The equine neck and its function during locomotion (1)
This review offers an overview of the current scientific findings on the biomechanical functions and structures of the equine neck. These findings are divided in 7 chapters. This summary focuses on the first two.
1. Evolution and development of the skeletal structures
The evolution of vertebral formula divides the vertebra column into functional subunits, which are the craniovertebral articulation (C1–C2), the muscularisation of the diaphragm (C3–C5), and the muscularisation of the forelimb (C6–C7). This specialisation was useful for respiration and locomotion.
2. Muscle function
As the mass of the head (4%) and the neck (6%) represent about 10% of the body mass of the horse, the large distance of these masses from the body’s centre of gravity affects the movement of the entire horse.
A combination of surface electromyography (EMG) and kinematic measurements identified the m. splenius as a tonic, supporting neck muscle in all gaits. The m. splenius was least active in the unrestricted head/neck position, more active in the maximum flexed head/neck position (cranial neck flexed), and most active in the collected head/neck position. The m. brachiocephalicus was found to be more active, and the m. trapezius less active, in the position with maximum flexion of the cranial neck and head than in the standard collected position.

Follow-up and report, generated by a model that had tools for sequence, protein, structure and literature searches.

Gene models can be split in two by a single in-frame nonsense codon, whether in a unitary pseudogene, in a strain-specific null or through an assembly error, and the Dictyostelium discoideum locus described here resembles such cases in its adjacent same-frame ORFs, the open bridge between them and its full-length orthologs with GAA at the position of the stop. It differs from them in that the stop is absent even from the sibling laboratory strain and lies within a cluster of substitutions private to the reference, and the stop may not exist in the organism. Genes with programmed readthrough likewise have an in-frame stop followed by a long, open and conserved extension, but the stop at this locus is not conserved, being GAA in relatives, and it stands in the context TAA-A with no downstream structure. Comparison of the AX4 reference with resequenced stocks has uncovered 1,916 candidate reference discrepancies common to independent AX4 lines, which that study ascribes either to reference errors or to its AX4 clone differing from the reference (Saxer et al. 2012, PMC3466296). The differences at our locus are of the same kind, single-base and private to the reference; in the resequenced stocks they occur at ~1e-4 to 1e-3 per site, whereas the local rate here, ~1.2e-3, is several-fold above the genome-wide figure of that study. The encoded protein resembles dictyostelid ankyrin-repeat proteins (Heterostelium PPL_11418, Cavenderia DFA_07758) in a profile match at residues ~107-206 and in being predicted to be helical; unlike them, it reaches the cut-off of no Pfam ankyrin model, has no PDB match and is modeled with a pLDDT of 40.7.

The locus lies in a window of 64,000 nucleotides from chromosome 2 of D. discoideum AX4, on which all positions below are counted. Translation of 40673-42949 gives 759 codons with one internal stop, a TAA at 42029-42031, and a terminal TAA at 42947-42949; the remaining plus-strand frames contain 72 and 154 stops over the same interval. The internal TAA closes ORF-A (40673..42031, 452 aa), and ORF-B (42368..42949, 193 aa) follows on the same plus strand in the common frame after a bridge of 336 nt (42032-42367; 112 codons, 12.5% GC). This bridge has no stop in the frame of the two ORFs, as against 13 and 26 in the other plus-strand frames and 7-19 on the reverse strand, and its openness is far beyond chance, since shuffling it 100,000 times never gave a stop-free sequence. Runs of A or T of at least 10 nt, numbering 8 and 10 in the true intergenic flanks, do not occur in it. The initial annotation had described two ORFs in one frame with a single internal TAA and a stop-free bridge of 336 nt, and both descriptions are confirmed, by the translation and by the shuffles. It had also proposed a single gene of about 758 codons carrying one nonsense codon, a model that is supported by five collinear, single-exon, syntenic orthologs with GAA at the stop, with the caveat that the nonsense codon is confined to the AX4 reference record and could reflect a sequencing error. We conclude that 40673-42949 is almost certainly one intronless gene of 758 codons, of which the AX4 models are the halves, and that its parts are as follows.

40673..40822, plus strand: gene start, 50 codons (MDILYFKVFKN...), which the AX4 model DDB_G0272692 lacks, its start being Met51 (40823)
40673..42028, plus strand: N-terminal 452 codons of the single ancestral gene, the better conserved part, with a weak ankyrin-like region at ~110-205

Active stabilisation of the vertebral column is mainly achieved by the co-activation of antagonistic muscles, neck flexors (m. cleidomastoideus and m. cleidobrachialis) and extensors (m. splenius and m. omotransver- sarius). In neutral position old horses showed increased extensor activity compared to mature horses, indicating that old equine muscles require more activity to counteract gravity.
The following chapters continue in upcoming summaries:
3. Elastic structures
4. Segmental movement of the neck vertebrae
5. Biomechanical models of the equine head and neck complex
6. Overall movement of the neck and its effect on the whole body
7. The equine neck in relation to work
1) General (English) riding and dressage
2) Show jumping
3) Behavioural changes
> Zsoldos et al., Zoology (2015). All rights reserved to 2015 Elsevier GmbH. Click here for the Pubmed summary